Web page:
Now this isn't true of all pet owners.  I do have some that I will allow to do part of the restraint.  However those are the exception rather than the rule, and if the pet is really trying to bite or scratch I'm going to trust my staff far more than I'm going to trust a client.  And if it means losing that client because they won't let us do the restraint, I'll wave bye to them as they leave.

Besides safety, there is a major liability issue for the vet.  People have sued and won because they were injured by their own pets during a veterinary visit.  And don't say "well, I wouldn't sue if that happened."  I have read reports from the AVMA liability insurance where a client would refuse to let the veterinary staff hold their pet and insist on doing it themselves even knowing the risk.  The pet then injured the client (despite warnings from the vet) and the client turned around and sued the vet because the vet should have known better and not let them do it.  I've seen examples of this numbers of times, so it wasn't an isolated incidence.  I'm not willing to risk my license and my livelihood to prevent someone's hurt feelings.

So if you come into my office and your pet might bite, be prepared to let us hold it. 

Sunday, August 1, 2010


This past month I put up a non-veterinary poll out of curiosity.  Though I don't get paid for this blog, I try to update frequently to keep people interested.  However, since I don't get paid I also sometimes don't feel much motivation to post daily.  For the most part this is done for fun and not profit.  Even so, I know there are some regular readers and I don't want to disappoint too much.  So how often do people like their blogs to update?  Based on the results, fairly frequently!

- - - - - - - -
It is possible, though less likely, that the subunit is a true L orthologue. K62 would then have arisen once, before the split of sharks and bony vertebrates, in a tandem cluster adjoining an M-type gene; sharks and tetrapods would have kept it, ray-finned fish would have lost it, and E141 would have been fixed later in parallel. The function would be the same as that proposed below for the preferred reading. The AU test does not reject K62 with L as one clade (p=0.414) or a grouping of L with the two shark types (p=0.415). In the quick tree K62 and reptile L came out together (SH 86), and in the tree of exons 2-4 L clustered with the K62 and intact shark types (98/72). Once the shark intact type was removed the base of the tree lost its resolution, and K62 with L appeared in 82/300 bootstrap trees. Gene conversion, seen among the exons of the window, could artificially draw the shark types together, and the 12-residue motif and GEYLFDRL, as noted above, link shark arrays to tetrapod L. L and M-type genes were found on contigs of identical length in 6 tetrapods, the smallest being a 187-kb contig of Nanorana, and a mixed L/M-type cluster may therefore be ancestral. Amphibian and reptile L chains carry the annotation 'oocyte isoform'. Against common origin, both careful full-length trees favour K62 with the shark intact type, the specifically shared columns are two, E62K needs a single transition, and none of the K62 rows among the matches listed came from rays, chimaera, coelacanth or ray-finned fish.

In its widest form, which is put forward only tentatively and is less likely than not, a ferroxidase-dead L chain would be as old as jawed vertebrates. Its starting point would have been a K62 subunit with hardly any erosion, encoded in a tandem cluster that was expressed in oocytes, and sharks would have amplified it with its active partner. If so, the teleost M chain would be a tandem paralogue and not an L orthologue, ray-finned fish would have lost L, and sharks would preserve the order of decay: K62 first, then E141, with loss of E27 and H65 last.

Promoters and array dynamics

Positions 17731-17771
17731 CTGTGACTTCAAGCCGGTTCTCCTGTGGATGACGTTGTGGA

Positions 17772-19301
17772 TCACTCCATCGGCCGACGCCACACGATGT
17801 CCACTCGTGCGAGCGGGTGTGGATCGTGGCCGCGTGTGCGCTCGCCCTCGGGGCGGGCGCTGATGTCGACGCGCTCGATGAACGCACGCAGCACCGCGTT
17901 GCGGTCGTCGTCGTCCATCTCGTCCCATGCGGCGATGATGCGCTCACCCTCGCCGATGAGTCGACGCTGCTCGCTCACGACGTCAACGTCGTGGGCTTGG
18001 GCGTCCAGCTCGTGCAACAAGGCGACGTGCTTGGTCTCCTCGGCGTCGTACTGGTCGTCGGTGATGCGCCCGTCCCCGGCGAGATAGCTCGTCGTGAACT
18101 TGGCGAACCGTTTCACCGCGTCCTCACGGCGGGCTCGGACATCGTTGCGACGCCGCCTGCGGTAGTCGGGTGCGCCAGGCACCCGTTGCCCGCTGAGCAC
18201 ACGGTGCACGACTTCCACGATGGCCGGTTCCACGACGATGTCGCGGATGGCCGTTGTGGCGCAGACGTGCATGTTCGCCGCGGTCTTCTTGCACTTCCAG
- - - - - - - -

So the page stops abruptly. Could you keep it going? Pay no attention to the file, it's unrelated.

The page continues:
2-3 Times Weekly--52%
2-3 Times Monthly--3%
Once Monthly--0%

Most months I average around a post every other day, so it looks like I'm keeping it in the area of the top two choices.  Obviously the more important part is that the posts are entertaining and informative, rather than just frequent.  Quality is better than quantity.

A few more stats about the site.  A year ago I started tracking hits to the blog.  In that time there have been over 30,000 individual views, which has averaged to around 84 visits per day.  There are also 25 regular followers.  The blog has been read by people on every continent except Antarctica and in every hemisphere.  I find all of that interesting for a small-time blogger like myself.

So thanks to everyone for reading the blog.  Since I want this to be interactive, I'm always open to suggestions of topics and get excited when I get questions from readers.